Lest we never forget, the rock gods have a way of drawing our attention to seminal moments in music history when we least expect it.
Earlier this month the world lost Gary Rossington, the last surviving, original member of Lynyrd Skynyrd. Rossington is most known for his signature slide guitar work on Skynyrd’s legendary hit “Freebird.” You may not be a fan of Rossington, Skynyrd or southern rock in general but any fair reading of rock history would place “Freebird” on the list of the top 10 songs of all time.
Freebird was released as a single in 1974, but it was part of Skynrd’s first album which came out fifty years ago, in 1973.
As it happens, the day before Rossington’s death I read a piece about another important 50th anniversary in rock history. In March 1973 Pink Floyd released “Dark Side of the Moon.” Again, Floyd may not be your thing, but there’s no denying the band’s epic achievement with “Dark Side” – 973 weeks on the Billboard charts, 14 times platinum in the UK, the top selling album of the 1970s and fourth most in history at 45 million copies.
It turns out 1973 was one helluva a year in the history of music. The Who released “Quadrophenia” (a topic for another blog but all the answers to life can be found on side 3 of this double album). Elton John released “Goodbye Yellow Brick Road.” Zeppelin released “Houses of the Holy,” just to name a few.
Lynyrd Skynyrd and Pink Floyd are about as far apart as one can get on the spectrum of rock music. “Freedbird” is a poignant anthem about fading love meant to be sung out loud with friends late night at a bar with ample supplies of beer and whiskey.
If I leave here tomorrow, will you still remember me?
For I must be travelling on now, ‘cause there’s too many places I’ve got to see
“Dark Side” is an ethereal, other-worldly musical tour de force about madness, death, greed, and the passage of time that’s best experienced in a dark, smokey room under the influence of your mind-altering drug of choice.
And if the dam breaks open many years too soon
And if there is no room upon the hill
And if your head explodes with dark forebodings too
I’ll see you on the dark side of the moon
To further prove the point. at an event with a live band no one from the audience pleadingly yells “Brain Damage” like they do “Freebird” to get them to play the song. (This actually worked for me once years ago at a family wedding. Sorry again to my wife’s cousin, I didn’t think they’d actually do it.)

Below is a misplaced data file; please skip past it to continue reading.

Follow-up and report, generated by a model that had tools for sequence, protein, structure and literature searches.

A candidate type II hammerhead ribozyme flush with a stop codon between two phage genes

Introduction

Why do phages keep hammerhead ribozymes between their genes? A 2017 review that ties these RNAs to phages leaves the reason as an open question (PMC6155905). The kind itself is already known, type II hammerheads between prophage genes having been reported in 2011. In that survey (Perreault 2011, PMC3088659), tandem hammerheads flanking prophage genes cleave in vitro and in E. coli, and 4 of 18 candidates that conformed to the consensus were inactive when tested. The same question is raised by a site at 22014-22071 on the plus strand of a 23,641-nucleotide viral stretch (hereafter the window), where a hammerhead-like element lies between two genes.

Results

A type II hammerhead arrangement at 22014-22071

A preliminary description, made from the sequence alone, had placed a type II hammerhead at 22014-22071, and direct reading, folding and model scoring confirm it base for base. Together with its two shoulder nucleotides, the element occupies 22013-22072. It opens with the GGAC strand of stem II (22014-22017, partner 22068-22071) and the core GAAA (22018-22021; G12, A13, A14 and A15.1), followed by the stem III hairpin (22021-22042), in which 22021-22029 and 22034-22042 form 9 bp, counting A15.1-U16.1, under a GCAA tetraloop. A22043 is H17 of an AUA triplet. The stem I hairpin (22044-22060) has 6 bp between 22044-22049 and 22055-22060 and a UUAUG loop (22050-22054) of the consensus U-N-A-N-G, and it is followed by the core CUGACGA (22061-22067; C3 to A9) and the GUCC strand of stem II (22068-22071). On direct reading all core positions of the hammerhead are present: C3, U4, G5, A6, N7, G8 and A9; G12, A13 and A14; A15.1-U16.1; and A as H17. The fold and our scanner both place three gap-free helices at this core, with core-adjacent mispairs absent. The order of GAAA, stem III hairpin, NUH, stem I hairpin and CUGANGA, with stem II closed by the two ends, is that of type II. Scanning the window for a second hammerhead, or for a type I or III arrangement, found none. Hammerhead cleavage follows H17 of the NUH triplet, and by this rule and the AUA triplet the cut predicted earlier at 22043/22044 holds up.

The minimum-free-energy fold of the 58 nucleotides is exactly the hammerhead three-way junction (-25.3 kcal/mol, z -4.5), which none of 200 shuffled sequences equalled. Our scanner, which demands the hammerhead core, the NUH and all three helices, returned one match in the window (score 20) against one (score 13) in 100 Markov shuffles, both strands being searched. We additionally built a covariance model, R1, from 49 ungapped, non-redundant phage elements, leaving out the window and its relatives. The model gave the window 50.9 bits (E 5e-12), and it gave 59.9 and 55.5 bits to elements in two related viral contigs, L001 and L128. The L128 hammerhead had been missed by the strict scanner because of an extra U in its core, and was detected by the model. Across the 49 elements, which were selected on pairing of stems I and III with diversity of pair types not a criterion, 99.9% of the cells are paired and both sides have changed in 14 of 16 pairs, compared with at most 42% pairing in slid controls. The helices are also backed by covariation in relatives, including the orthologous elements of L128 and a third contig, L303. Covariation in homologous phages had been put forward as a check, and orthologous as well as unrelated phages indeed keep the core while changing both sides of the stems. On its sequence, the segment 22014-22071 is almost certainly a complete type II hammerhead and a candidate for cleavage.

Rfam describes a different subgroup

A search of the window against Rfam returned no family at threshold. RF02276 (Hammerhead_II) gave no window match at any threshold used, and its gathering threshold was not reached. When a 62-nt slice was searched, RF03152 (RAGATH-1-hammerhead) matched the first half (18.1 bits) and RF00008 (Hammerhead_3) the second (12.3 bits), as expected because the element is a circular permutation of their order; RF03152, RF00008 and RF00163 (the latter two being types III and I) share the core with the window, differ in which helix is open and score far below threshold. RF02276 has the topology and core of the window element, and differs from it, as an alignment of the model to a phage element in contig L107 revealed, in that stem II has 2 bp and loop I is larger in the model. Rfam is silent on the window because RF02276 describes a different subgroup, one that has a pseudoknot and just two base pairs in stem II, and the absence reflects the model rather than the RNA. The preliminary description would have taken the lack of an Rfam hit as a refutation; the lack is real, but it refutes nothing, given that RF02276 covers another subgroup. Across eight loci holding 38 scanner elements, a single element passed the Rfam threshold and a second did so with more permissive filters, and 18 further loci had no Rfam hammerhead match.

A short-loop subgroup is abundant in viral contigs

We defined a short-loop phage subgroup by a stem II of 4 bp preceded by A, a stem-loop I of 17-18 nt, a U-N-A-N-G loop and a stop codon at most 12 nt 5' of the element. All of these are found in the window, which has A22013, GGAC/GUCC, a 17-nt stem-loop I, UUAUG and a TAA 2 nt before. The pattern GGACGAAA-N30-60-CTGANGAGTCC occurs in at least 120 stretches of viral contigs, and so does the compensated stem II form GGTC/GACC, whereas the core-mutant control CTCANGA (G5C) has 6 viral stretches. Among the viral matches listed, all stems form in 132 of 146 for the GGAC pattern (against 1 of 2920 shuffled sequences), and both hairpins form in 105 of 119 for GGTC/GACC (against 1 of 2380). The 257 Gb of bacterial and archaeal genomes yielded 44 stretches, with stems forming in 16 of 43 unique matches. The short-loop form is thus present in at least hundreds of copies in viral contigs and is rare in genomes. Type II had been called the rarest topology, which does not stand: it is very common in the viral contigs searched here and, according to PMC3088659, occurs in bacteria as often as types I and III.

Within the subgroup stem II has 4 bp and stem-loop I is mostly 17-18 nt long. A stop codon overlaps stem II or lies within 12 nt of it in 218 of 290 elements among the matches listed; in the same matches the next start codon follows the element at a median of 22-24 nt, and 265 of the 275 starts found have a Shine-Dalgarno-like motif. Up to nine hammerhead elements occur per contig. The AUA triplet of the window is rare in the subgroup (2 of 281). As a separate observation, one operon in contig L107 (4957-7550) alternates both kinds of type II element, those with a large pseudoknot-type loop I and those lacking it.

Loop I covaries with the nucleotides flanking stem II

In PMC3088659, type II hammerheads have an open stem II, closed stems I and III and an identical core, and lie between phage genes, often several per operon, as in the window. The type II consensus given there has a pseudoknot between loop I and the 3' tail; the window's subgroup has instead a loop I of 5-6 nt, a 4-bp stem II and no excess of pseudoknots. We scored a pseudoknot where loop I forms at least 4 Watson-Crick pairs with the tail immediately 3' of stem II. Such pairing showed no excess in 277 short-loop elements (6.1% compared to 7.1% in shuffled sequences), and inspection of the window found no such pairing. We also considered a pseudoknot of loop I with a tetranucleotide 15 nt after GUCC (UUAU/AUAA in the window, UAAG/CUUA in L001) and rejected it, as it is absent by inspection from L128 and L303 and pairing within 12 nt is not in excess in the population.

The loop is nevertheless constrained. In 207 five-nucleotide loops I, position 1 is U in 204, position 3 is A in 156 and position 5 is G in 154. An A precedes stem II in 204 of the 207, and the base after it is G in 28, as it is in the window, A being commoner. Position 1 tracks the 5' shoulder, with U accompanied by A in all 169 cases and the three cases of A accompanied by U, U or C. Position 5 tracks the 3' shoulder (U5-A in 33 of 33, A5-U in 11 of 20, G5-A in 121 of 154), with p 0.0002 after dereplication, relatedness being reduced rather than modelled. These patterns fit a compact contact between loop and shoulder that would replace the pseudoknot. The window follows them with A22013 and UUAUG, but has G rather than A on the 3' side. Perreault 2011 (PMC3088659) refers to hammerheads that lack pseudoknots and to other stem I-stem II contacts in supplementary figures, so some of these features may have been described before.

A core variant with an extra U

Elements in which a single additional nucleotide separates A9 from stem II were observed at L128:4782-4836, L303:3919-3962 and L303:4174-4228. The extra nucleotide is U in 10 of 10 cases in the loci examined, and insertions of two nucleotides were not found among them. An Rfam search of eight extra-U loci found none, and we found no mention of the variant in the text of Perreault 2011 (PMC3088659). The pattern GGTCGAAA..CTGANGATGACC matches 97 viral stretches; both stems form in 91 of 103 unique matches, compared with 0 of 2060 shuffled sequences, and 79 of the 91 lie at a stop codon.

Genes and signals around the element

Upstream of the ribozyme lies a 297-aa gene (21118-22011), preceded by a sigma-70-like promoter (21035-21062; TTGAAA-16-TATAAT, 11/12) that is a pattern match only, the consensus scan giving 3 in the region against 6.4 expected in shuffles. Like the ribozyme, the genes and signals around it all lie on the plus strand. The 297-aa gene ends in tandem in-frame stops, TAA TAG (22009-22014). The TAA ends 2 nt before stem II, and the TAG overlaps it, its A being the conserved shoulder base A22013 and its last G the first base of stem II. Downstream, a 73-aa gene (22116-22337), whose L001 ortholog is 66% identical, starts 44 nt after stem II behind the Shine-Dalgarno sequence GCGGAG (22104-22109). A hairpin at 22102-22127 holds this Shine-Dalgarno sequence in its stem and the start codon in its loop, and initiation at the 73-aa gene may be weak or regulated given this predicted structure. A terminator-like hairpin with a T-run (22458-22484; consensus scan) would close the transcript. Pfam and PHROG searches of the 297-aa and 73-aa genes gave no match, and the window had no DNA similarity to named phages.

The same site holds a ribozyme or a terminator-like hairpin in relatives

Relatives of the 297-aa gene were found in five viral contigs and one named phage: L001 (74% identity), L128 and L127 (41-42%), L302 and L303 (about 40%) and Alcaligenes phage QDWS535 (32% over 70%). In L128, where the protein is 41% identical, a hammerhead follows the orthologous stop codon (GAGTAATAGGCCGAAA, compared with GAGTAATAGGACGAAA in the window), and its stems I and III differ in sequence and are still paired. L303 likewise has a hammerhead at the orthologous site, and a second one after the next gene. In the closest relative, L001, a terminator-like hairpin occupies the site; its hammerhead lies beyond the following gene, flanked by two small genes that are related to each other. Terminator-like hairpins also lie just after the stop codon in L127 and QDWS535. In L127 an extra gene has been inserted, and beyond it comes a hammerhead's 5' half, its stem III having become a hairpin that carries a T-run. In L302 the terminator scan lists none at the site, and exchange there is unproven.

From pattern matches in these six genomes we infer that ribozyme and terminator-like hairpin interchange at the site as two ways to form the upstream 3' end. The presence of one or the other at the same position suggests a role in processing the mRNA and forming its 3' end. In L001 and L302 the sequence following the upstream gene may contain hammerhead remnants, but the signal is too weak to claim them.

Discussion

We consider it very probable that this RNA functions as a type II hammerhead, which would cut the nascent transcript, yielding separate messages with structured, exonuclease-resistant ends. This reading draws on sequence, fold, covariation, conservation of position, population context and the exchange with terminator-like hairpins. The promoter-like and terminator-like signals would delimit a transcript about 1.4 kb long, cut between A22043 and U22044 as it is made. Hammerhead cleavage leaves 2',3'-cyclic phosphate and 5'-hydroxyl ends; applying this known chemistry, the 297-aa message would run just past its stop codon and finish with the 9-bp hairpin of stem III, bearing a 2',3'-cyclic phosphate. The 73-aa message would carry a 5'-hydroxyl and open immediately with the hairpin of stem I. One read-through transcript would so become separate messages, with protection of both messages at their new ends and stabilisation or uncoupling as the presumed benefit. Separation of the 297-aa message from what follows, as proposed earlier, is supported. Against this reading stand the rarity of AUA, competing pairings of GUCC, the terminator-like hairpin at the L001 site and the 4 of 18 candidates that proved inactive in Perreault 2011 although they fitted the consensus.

Yet in some strange way I found it fitting that when life’s hour-glass emptied for Gary Rossington it coincided with the 50th anniversary month of “Dark Side.” Genius is a word we throw around too easily these days, but very few people truly achieve it for even a single moment in time, let alone a career. And while 1973 might as well be 1773 to many people today (after all life didn’t really begin until the advent of the Internet, the smart phone and social media), it’s important we do not forget true geniuses like Floyd and Skynyrd whose work meant so much to so many.
Despite their stylistic differences,“Freebird” and the best songs on “Dark Side” share points of commonality. “Freebird” is close to ten minutes long, as are are many of Floyd’s songs. Even in 1973 producing songs this long was considered commercial suicide. No radio stations wanted songs longer than four or five minutes. This is even more true today where social media and short form video have further eroded our attention spans. Yet no fan of Skynyrd of Floyd would have it any other way. In that sense this anniversary has been a rsad eminder of what we’ve lost in the swipe and tap era of content consumption.
What really connects this music, and all the best art in my view, is it brings to the surface the sense of longing and search for meaning that exists inside each of us. Whether that longing be for freedom from a failed relationship, like in “Freebird,” or rapidly fading youth, like in the track “Time” from “Dark Side” – they touch on emotions all of us can relate to.
Now don’t worry, I’m not going to get carried away and suggest that Floyd and Skynyrd truly hold all the answers to life or are a replacement for deeper spiritual practices. But part of the genius of their music is its ability to transport us to a different place and provide solace, joy, and perhaps even hope, in times of need.
Very often we connect with bands or songs when we are young and are just beginning to confront the world and all the good, and bad, it has to offer. That was the case for me. These days I find however that a lot of the music from my youth holds no interest or relevance in middle age. But the best music, like “Freebird” and “Dark Side,” still resonate, albeit in different, sometimes more poignant ways. In the end I think that is a sign that one has been touched by genius. That’s worth celebrating, even 50 years later. Rest in peace, Gary.